Global religions have blended practices with traditional or indigenous practices. Mainstream religious practices have elements of spiritual, religious, and cultural beliefs and practices adopted from native religious practices. For example, as Buddhism spread it adopted the customs and practices of local deities (Warren, 2012). This implies that to understand the different forms of religions requires the consideration of religious elements, which are manifested as seven dimensions of religious traditions. These include mythic, experiential, ethical, ritual, social, and doctrinal (Brodd, 2009). These are often identified as worship, ritual pilgrimage, leadership, stories, texts, teachings, myths, and doctrines.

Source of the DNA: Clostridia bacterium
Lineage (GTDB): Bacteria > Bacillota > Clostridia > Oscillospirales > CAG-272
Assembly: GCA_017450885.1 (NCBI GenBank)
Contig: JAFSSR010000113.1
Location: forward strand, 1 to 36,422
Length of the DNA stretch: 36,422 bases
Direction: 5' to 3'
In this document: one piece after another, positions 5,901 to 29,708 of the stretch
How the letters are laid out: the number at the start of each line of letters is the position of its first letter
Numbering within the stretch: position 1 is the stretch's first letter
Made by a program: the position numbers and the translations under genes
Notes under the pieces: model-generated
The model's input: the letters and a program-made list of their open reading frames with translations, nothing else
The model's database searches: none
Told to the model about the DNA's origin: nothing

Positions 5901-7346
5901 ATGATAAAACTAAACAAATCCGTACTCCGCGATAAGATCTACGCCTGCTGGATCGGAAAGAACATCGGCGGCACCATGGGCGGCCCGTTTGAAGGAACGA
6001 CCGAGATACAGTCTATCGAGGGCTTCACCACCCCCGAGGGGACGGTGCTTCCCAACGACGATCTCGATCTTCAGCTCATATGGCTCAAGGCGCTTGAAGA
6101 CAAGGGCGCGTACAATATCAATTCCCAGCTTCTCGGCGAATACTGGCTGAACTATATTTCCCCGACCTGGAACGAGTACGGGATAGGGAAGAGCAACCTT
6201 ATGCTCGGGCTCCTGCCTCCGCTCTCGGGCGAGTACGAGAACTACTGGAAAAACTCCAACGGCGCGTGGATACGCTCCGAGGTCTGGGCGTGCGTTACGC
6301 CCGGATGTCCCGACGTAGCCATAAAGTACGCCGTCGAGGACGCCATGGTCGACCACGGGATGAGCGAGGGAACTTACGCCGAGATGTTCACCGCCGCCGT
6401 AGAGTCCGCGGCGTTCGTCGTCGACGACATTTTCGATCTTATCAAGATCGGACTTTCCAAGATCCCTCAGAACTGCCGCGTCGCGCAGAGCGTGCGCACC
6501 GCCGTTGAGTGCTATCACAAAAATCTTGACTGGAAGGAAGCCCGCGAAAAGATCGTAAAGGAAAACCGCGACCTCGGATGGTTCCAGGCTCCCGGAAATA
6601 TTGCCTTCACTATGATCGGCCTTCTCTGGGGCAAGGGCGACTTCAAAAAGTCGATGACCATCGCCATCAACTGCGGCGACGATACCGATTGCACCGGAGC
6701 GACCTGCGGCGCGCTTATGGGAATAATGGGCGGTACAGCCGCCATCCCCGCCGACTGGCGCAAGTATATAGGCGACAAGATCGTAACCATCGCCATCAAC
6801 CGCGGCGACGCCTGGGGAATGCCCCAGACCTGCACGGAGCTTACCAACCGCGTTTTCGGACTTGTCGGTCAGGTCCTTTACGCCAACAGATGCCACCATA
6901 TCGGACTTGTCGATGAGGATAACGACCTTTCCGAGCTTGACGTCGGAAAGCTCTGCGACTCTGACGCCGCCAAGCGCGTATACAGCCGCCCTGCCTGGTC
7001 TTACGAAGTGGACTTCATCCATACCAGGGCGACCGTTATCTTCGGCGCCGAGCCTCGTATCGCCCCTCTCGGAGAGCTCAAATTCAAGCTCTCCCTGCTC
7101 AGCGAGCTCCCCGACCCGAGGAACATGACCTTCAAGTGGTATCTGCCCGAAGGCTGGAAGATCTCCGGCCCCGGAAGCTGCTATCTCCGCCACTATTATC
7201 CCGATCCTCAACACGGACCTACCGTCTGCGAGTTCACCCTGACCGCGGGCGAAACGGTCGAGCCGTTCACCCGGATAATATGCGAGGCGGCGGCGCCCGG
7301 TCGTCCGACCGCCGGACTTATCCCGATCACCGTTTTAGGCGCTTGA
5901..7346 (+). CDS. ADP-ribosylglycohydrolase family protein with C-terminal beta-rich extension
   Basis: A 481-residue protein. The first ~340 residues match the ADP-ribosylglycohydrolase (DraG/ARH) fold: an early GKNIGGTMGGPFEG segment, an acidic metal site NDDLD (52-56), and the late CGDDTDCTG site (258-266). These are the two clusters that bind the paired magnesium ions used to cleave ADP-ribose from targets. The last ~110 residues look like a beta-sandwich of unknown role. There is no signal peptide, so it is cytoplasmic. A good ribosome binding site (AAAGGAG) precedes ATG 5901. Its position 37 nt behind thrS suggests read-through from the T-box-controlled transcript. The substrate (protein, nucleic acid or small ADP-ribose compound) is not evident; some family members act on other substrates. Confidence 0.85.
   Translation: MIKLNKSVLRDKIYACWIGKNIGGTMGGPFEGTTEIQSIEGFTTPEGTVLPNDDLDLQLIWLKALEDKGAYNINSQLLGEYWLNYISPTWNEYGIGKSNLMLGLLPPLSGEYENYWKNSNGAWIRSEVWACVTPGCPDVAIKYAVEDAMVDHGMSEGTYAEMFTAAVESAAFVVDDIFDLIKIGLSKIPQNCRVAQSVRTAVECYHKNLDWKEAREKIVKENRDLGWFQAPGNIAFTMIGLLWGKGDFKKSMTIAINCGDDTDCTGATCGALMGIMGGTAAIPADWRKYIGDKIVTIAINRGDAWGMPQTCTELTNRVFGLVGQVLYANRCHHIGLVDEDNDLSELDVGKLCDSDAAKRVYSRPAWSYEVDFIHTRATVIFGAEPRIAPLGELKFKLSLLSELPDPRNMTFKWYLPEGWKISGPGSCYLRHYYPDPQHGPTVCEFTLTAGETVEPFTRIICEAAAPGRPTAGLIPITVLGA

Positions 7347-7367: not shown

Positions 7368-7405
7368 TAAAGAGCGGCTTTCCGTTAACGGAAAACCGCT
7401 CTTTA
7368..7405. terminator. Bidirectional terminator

Religious traditions have adopted different aspects of traditional myths, stories, and doctrines to create their identities. Often religions doctrinal belief is composed of the creeds, teachings, stories, and doctrines originating from their traditional experience. Brodd (2009) finds that most religious doctrines have a firm foundation in traditional myths, by making rational sense of the experiences myths defy. Religions that are founded on doctrines will record their doctrines in sacred scriptures or texts, along with the accompanying myths and the encounters or revelations of the religious experiences of the founders of the religion (Warren, 2012). Religious myths are historical stories without proven historical and rational basis, but are not necessarily irrational or false nor do they conflict science or history. Myths are used by religions as sources of sacred truths, creating a powerful history for the religion (Wilson, 2000). Myths are an important element of traditional religions be it Islam, Christianity, or Buddhism, since they adopt the form of sacred stories passed down generations by word of mouth or recorded in religious scripture. Religions use myths to create fundamental knowledge of the way to live and the nature of things (Brodd, 2009). The most in all traditional religions is the origin of man and the world. The mythic idea that God created the world and humans and by nature, humans are meant to have dominion over the world and other creatures. This is a myth without historical or scientific basis but holds a sacred truth held by Muslims, Christians, and Jews alike.